The camellia, the flower of both dandies and courtesans, appealed to Mademoiselle’s taste for provocation because of its reference as the forbidden flower which is both androgynous and ambiguous. By adopting it, she affirmed her singularity, transgressing all conventional codes of seduction. A symbolic revolution which contributed to the emancipation of women. Without perfume or thorns, the camellia also seduced her with its simplicity. To a rose’s opulence she preferred the camellia’s purity, its almost geometric roundness and its petals’ classical order and perfect symmetry. This delicate flower, a symbol of purity and longevity in Asia, became an element of her style in 1913. It is the white camellia that became her emblem. Absolute purity and infinite femininity. Following her taste of opposites that invigorated all her creations, she wore it like a jewel to strike a contrast on a sweater or a little black dress. Decorative and endowed with magical powers in Asia, camellias are also found in the Chinese decorations of the Coromandel screens which she had around her throughout her lifetime. Found in every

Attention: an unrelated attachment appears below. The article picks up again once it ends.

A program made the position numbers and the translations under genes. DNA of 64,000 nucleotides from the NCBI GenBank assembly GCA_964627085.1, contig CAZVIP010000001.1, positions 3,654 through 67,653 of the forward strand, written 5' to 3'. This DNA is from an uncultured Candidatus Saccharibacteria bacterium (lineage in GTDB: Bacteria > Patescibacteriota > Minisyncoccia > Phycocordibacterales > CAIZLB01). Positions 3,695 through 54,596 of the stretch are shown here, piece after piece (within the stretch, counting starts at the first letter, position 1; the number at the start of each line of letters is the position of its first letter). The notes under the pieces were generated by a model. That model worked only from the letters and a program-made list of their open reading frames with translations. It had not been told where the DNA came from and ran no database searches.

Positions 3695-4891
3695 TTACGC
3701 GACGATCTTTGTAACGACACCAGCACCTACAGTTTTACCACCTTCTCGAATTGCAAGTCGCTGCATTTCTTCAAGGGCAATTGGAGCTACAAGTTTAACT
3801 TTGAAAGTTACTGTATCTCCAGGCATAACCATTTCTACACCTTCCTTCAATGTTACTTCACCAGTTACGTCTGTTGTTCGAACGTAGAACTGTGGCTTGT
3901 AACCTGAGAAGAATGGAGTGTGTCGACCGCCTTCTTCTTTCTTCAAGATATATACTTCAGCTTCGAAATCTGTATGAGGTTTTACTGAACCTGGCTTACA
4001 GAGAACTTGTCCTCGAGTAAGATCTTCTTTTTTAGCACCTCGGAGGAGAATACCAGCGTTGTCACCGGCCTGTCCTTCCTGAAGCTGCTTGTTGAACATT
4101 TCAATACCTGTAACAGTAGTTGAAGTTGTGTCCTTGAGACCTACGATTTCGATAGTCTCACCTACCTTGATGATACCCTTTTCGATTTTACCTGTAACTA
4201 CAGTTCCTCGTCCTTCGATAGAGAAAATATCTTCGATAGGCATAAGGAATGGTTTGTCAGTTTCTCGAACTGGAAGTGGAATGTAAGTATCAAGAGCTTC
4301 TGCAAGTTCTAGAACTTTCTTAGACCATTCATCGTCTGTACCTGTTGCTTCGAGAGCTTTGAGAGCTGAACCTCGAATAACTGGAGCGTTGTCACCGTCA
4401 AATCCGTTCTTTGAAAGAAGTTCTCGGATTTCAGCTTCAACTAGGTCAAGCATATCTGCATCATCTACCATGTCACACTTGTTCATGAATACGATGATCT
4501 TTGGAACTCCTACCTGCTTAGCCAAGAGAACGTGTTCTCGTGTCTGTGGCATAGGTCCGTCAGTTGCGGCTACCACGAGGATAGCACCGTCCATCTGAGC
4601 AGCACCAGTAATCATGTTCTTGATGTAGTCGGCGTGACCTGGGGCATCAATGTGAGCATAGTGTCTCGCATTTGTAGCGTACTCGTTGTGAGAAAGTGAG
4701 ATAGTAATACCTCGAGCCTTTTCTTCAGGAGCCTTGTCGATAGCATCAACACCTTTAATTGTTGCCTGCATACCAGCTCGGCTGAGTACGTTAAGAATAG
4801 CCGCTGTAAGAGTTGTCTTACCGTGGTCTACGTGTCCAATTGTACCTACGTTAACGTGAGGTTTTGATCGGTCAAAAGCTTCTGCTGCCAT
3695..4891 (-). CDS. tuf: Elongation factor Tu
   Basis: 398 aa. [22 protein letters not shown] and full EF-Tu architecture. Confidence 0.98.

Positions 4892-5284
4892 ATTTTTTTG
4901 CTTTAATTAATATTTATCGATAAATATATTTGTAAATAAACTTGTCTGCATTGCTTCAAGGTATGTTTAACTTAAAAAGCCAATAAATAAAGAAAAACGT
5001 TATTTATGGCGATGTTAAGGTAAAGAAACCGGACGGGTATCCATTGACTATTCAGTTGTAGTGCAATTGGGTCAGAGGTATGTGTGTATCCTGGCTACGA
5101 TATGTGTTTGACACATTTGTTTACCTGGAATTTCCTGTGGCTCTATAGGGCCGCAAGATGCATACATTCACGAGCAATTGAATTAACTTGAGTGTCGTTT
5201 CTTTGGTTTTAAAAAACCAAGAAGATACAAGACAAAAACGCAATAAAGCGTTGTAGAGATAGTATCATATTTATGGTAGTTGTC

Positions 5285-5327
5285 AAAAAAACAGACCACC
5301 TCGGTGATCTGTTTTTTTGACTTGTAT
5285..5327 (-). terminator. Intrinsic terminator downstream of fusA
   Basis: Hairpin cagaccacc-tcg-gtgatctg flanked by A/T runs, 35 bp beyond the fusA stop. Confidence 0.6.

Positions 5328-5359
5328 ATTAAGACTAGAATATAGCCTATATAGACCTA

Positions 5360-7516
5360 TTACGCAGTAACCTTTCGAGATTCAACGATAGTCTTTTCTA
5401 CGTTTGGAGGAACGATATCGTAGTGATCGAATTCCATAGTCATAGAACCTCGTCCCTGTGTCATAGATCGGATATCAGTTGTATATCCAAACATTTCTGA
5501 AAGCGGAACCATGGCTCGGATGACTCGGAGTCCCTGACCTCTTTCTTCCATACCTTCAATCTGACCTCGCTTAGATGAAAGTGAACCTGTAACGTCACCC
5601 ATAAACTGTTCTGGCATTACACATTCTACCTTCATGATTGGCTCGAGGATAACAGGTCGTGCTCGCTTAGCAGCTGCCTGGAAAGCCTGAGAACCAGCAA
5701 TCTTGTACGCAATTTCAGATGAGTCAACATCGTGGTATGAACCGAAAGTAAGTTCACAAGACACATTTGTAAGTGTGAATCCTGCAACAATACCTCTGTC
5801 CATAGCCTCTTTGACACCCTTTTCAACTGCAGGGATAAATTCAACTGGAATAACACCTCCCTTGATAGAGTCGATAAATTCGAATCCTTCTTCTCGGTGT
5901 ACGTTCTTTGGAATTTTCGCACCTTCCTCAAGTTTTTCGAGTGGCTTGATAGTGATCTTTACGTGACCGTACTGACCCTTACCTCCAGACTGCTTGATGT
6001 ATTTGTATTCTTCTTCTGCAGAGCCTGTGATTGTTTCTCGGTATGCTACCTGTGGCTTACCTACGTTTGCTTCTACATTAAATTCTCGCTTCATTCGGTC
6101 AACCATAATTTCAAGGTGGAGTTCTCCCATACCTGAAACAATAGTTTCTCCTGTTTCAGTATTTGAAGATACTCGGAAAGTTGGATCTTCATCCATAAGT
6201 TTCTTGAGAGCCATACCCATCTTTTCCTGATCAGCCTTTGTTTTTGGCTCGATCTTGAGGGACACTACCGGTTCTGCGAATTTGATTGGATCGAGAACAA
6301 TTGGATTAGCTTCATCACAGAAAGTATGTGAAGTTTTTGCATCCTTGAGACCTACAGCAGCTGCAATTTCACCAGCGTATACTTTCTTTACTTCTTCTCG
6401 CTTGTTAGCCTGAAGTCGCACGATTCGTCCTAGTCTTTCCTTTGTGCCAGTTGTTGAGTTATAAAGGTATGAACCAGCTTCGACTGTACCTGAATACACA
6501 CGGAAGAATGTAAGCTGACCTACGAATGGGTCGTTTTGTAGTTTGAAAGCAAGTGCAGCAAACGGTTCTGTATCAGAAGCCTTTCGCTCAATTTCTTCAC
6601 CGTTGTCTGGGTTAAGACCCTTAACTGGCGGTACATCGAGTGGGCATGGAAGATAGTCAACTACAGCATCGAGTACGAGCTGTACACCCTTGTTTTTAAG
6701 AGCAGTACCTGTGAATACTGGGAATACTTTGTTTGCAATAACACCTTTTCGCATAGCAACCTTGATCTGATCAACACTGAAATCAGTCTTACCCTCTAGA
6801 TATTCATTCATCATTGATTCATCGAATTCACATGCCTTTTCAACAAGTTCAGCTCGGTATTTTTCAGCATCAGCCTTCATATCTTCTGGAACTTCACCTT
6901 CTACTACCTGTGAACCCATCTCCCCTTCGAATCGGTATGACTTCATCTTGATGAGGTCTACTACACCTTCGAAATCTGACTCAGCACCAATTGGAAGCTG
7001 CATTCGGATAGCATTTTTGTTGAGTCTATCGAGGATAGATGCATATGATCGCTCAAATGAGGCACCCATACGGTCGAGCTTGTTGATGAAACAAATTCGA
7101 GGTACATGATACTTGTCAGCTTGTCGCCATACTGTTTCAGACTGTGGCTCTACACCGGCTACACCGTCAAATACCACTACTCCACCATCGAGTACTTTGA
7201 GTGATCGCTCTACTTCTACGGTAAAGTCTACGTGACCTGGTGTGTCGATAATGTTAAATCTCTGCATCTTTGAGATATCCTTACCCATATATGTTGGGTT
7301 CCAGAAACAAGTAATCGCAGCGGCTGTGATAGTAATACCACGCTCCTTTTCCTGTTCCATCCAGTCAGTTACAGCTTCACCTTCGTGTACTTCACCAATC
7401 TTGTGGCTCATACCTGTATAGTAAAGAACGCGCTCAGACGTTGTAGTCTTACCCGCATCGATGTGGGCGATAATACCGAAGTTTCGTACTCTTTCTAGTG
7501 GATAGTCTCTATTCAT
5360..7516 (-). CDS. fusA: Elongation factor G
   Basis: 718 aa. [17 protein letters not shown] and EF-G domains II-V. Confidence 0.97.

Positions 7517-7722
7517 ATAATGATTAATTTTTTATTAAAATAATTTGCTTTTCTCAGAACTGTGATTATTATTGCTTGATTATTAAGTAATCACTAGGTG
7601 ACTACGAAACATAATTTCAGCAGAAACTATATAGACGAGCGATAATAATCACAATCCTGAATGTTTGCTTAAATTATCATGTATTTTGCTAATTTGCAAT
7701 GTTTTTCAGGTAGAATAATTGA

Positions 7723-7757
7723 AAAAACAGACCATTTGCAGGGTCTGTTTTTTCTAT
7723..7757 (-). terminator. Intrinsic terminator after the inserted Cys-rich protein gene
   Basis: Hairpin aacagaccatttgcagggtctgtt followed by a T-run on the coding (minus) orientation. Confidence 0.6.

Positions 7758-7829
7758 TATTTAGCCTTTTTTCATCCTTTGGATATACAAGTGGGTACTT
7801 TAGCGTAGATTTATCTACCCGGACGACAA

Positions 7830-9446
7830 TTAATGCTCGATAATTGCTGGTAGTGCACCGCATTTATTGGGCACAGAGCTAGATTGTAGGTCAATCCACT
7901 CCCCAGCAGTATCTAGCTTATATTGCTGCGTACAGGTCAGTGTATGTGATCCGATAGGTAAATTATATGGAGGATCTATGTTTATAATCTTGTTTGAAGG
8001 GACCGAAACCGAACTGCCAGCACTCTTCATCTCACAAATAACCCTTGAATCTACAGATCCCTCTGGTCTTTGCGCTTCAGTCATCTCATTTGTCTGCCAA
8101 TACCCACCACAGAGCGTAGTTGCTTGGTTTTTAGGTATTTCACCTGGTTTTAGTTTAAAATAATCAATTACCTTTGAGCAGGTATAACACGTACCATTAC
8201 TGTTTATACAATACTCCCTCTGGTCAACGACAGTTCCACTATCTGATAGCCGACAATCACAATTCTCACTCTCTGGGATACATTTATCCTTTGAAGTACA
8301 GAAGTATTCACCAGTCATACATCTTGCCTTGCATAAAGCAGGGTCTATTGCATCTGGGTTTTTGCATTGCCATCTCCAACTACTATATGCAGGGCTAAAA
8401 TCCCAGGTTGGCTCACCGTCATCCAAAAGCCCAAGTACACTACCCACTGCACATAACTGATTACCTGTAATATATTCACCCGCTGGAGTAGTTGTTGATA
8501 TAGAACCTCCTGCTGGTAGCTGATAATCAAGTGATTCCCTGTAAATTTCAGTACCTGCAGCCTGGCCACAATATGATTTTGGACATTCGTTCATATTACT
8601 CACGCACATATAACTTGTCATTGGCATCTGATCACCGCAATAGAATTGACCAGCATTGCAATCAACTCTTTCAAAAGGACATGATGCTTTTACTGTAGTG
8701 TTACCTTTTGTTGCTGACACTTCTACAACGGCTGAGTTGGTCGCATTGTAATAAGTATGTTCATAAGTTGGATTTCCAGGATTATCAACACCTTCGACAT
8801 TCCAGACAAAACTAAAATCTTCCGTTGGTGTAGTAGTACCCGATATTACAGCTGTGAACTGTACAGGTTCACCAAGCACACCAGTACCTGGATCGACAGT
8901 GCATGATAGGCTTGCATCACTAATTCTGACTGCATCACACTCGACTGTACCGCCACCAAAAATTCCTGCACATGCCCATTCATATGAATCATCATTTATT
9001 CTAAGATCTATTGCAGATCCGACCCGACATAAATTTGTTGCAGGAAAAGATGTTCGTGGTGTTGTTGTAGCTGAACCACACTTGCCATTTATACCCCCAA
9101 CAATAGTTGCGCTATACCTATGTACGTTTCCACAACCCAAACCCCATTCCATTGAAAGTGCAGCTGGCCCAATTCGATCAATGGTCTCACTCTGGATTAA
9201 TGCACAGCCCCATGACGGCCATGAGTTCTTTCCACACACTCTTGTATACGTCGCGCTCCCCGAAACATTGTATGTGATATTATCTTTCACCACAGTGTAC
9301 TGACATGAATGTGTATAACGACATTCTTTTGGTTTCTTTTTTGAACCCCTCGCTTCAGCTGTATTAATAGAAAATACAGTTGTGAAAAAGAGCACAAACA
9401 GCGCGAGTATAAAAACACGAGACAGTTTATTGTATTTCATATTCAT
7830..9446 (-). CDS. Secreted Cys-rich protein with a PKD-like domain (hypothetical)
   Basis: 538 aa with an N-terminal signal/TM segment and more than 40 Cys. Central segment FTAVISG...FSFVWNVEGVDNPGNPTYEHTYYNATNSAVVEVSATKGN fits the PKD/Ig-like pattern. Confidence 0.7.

Bouton de Camélia, a collection which showcases the emblem of Chanel, the camellia, captured in its most figurative interpretation to lend its lines to fascinating jewellery pieces.
key, Mademoiselle Chanel’s favourite flower remains inextricably linked to the creations of the House. As surely as a signature, the Camellia alone evokes the spirit of Chanel. Chanel celebrates the magic of the emblem so closely linked to Mademoiselle’s personality with magical jewellery and watches which reflect the inexhaustible creative diversity inspired by the Camellia. On brooches, rings, necklaces, earrings, pendants or embroidered on watch dials by the Lesage workshop, the Camellia opens the way to the fascinating world of Chanel symbols.
Mademoiselle Chanel’s favourite flower remains inextricably linked to the creations of the House.